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# The Quest for 700: Weekly GMAT Challenge (Answer)

Yesterday, Manhattan GMAT posted a GMAT question on our blog. Today, they have followed up with the answer:

Label the keys A, B, C, and D, such that key A fits the first lock, key B fits the second lock, and so on.  Each possible reassignment of the keys can then be seen as a rearrangement of the four letters.  For instance, the “word” BCAD would correspond to the reassigning key B to the first lock, key C to the second lock, key A to the third lock, and key D to the fourth lock.  In this particular case, only key D would fit its lock.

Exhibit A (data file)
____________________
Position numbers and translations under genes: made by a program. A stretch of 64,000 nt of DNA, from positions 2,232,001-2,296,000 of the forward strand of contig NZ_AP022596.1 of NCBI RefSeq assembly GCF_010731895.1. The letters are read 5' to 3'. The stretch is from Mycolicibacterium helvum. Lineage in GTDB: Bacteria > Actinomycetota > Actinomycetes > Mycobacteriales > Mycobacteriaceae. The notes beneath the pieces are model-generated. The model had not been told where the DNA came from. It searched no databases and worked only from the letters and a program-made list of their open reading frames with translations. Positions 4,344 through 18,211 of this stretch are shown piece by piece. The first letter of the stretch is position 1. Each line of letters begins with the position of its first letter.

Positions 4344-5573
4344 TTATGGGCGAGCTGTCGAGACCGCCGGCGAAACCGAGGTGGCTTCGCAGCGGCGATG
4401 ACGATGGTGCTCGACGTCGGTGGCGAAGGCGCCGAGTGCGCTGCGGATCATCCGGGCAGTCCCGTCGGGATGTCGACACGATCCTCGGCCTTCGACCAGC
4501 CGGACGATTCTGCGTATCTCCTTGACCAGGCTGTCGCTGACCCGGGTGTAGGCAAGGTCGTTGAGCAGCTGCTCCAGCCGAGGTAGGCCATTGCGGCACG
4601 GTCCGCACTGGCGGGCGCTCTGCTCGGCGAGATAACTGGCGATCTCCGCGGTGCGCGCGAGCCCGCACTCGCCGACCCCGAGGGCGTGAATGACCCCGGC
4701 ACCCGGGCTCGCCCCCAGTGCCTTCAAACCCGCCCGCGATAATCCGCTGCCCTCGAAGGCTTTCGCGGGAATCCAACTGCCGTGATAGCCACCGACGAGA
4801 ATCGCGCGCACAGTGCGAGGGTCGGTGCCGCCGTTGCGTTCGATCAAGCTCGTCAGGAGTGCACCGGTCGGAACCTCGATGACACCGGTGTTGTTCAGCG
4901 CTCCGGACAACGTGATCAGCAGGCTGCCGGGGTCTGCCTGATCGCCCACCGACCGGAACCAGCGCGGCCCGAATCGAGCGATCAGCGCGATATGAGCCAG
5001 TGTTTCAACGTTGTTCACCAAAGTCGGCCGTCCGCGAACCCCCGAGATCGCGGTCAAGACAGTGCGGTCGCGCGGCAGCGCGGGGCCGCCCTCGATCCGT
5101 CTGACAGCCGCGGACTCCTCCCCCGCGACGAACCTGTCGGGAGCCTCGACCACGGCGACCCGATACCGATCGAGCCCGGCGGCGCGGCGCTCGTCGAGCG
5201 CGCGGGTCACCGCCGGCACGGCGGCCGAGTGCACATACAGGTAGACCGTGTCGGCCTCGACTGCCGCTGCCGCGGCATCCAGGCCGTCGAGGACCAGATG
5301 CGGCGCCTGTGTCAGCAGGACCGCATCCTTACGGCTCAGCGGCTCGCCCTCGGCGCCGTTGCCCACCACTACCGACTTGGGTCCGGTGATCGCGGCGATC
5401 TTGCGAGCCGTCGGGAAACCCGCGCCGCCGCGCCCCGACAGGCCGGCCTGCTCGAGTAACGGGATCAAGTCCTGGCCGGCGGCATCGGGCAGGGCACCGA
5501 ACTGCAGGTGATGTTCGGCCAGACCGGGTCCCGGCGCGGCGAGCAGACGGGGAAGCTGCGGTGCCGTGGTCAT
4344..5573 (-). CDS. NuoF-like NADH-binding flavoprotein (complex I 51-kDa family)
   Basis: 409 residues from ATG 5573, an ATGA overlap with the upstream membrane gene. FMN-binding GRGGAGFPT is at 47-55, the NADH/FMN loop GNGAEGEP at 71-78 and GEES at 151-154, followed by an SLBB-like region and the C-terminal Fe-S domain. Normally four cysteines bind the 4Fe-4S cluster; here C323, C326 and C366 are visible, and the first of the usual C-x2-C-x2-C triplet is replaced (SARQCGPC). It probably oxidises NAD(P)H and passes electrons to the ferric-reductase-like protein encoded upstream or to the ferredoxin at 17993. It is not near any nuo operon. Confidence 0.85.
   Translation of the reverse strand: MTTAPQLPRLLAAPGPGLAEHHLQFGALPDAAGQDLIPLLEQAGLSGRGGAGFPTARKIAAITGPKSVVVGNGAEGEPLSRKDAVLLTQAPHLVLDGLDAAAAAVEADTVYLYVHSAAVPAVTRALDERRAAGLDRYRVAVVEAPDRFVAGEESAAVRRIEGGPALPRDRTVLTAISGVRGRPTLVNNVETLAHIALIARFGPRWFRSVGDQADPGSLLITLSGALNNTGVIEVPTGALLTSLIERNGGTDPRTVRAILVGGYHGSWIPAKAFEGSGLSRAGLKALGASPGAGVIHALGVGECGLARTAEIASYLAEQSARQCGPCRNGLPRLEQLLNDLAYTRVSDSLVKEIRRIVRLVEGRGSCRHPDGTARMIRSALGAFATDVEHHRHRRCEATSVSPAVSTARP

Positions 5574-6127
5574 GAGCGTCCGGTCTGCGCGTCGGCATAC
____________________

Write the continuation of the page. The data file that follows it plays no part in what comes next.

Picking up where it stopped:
Thus, we should compute the number of anagrams of ABCD in which exactly two of the letters are in their original alphabetic positions.

There are at least two ways to compute this number:

1) Simply try listing the possibilities.  First place two letters in correct positions, then fill in the others.  The letters in their correct positions will be written in uppercase; letters out of position will be written in lowercase.

Correct letters     Anagram

A and B               ABdc
A and D               AcbD
B and C               dBCa